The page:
Signing books and meeting friends.
It was an emotional night for Julie. I know she has spent many a recent night getting little sleep as she prepared for the domestic release of Calling Me Home, but true to form, she stepped up to the lectern, gripped the microphone and wowed the audience with tales of how the story came to be. After reading a couple excerpts, she fielded questions and then signed books and posed for photos with fans.

When we started this blog four years ago, each of us shared a goal of seeing our work published. Julie has set the bar high for us all by landing a great agent, securing multiple contracts--both foreign and domestic--and beginning an extensive tour promoting Calling Me Home. We could not be more proud of her!

To find out where she'll be next, click here. To purchase Calling Me Home, helpful links are here.

All photo credits: the talented and gracious Rick Mora.

Tuesday, February 12, 2013

Calling Me Home: Julie

cover art
For more than a year, we've been awaiting a special day: the publication of Julie Kibler’s first novel, Calling Me Home, available now! If you are in DFW, please join us this evening for Julie's book launch and signing at 7:00 p.m. at Barnes & Noble, The Parks Mall, Arlington, Texas. Click here for more information. Other events are scheduled in Austin, Waco, Houston, Denver, Seattle, and Spokane. Find details at Julie's website or Facebook page.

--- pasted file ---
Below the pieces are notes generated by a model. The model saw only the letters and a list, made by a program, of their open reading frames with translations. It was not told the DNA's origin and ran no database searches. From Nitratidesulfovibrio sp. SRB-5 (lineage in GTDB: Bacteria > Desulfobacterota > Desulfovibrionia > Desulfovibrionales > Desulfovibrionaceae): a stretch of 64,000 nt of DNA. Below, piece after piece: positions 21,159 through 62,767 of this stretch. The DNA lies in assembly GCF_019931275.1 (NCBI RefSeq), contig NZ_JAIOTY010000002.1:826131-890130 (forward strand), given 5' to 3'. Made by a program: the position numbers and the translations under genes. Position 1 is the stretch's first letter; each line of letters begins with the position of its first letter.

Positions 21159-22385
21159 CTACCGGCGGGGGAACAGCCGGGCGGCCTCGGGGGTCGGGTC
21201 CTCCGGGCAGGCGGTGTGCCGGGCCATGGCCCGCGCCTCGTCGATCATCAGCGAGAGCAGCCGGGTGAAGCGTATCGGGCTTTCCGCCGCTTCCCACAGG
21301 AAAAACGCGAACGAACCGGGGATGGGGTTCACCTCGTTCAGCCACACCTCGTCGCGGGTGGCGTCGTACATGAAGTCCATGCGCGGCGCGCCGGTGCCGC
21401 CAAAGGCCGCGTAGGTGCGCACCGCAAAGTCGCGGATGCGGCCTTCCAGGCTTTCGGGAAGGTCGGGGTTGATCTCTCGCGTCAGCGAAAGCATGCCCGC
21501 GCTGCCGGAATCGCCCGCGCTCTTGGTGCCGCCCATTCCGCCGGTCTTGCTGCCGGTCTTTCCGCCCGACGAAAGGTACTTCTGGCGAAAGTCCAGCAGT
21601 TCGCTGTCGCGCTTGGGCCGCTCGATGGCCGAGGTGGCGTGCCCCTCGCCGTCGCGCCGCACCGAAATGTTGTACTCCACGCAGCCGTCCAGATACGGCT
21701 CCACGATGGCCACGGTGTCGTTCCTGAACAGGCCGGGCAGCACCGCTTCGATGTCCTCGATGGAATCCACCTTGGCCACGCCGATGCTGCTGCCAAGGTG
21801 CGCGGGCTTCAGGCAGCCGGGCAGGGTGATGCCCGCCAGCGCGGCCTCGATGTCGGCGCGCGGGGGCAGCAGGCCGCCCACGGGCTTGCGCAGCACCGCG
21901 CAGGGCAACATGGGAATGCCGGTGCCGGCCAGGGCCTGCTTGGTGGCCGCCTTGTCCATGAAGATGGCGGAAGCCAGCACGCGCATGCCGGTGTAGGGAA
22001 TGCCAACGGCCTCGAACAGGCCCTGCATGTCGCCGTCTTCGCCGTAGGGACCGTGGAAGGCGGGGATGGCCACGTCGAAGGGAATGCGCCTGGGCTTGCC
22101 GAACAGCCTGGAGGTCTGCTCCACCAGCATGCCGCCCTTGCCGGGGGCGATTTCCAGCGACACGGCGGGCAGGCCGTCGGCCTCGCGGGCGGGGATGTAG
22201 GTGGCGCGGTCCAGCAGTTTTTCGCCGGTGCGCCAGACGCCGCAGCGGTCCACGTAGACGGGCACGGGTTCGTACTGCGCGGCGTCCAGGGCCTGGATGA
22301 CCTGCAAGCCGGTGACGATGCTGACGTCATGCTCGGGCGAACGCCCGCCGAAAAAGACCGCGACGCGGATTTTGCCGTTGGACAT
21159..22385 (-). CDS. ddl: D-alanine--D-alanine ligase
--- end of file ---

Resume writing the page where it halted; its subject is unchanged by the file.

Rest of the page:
Calling Me Home is our group's first published novel, and it marks a major milestone for both Julie and the blog itself. We started this blog more than four years ago as an outlet for some of our thoughts on writing, but also as a platform to help introduce us to you, our readers, as writers looking forward to publication. That time is beginning. In celebration, each of us is sharing our thoughts on home, how it calls us, and what it means to every "me" in our group. We hope you enjoy these posts, and we hope to see some of you at Julie's launch!

By Julie Kibler

It’s here. Calling Me Home releases today in the United States. I can hardly believe it. Eighteen months ago, you couldn’t have convinced me this time would fly as it has. Eighteen months! Everyone said it would—I didn’t believe them. And now I’m ecstatic to be sharing my novel with readers everywhere.